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Guarding multi-core designs

Posted: 16 Jun 2014 ?? ?Print Version ?Bookmark and Share

Keywords:Virtual private network? VPN? Evolved Packet Data Gateway? Intelligent Packet Engines? security protocol?

Networking silicon design teams are confronting huge leaps in demand for faster security protocol throughput, a demand driven by increasing data transfer speeds, as well as market forces (increasing attacks from hackers and malware) and technology trends. To meet the throughput demands, designers are turning to SoCs with multiple processor cores as well as multiple dedicated blocks of intelligent packet processing engines, all working in parallel to deliver throughputs of 40+Gbit/s.

Cisco estimates that IP traffic is expanding at a compound annual growth rate (CAGR) of 25 per centa doubling every three years. In parallel with the continual bandwidth expansion is the swelling of security threats to data-in-transit. Threats include address spoofing, passive monitoring (or 'eavesdropping'), data integrity attacks, and sophisticated man-in-the middle attacks. These threats are driving the industry to encrypt an ever-increasing percentage of communications using security protocols such as MACsec, IPsec and SSL/TLS.

Adding to the pressure from various market forces are technology trends that put increasing demands on the packet processing. Virtual private network (VPN) communications must be protected by encryption with a security protocol. And the increasing use of mobile offload to WiFi is also driving a rise in encrypted packet traffic. For example, LTE to WiFi offload using the Evolved Packet Data Gateway (ePDG) architecture (figure 1) relies on the IPsec security protocol to protect otherwise exposed communications.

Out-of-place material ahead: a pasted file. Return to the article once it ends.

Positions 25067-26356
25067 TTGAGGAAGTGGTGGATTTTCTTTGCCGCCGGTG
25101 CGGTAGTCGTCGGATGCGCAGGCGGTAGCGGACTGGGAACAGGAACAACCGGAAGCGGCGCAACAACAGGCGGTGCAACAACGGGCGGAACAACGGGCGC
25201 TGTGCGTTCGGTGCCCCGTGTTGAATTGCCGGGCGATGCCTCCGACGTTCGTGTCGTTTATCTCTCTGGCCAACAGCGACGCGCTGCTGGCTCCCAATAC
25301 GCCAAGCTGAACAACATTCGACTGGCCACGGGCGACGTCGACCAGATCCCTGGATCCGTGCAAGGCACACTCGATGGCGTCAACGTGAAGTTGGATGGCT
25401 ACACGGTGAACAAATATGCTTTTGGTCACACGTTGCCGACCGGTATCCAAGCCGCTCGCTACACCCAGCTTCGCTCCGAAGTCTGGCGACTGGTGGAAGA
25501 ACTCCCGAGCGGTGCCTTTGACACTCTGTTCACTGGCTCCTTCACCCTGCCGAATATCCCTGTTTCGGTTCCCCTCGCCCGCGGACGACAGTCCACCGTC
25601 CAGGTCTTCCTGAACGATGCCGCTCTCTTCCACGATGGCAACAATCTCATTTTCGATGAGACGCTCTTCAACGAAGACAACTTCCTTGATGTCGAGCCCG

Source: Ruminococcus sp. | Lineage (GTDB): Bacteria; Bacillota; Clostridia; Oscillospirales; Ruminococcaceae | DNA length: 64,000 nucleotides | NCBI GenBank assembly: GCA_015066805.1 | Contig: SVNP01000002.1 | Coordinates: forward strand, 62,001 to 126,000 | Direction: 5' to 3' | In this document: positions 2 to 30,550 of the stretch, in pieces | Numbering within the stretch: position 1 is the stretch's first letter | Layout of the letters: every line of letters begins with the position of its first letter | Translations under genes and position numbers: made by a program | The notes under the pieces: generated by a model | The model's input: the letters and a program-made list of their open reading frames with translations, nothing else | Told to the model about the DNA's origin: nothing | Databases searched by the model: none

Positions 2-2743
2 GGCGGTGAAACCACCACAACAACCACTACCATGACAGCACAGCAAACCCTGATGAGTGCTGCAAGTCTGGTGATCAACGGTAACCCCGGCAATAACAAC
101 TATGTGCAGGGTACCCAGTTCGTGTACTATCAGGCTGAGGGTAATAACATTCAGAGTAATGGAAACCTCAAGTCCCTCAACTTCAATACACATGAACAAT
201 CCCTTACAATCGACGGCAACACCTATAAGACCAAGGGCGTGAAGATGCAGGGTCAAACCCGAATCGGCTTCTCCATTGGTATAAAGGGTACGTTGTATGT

Figure 1: Mobile Data Offload with ePDG.

The result is that specifications for security protocol throughput have moved from 5Gbit/s to 10Gbit/s and now to 40+Gbit/s for IPsec and SSL and to over 100Gbit/s for MACsec in just a few years. Silicon designs that implement protocol processing are challenged to keep pace.

Three design approaches for security protocol processing
Networking silicon design teams have three possible approaches to address requirements for security protocol processing:

???A software-only approach, executing on a networking processor's primary CPU
???Cryptographic-specific processing in hardware IP
???Full security protocol processing in hardware IP
With the software-only approach, all security protocol processing executes on the primary CPU. Software "stacks" for protocol processing can be integrated into system software without affecting the hardware design. However, these stacks are resource intensive, executing complex mathematical algorithms for decryption and encryption of data, as well as implementing extensive data movement routines for each packet payload (figure 2). A software-only approach runs into a bottleneck because the compute-intensive and data-movement operations quickly overload the CPU. Multicore CPUs can push the bottleneck out, but performance, even on a multi-core CPU, is typically limited to a throughput of less than 2Gbit/s, well below today's networking requirements.

Figure 2: This flowchart of a security protocol processing process shows operations in a software-only implementation. The software stack, running on the CPU, classifies a packet and then executes the cryptographic processing for the encryption and hash steps before routing the packet to its destination.

A second option, found in many networking silicon designs, uses discrete cryptographic algorithms embedded in hardware IP (intellectual property), integrated as part of a dedicated adjunct processor. The IP offloads encryption and decryption from the CPU, performing math efficiently (figure 3). But the rest of the protocol processing workload remains in software and is still handled by the CPU.

Figure 3: Here is the processing flow using crypto-specific IP. While math intensive operations are offloaded, the CPU is still responsible for multiple steps and complex data movements.

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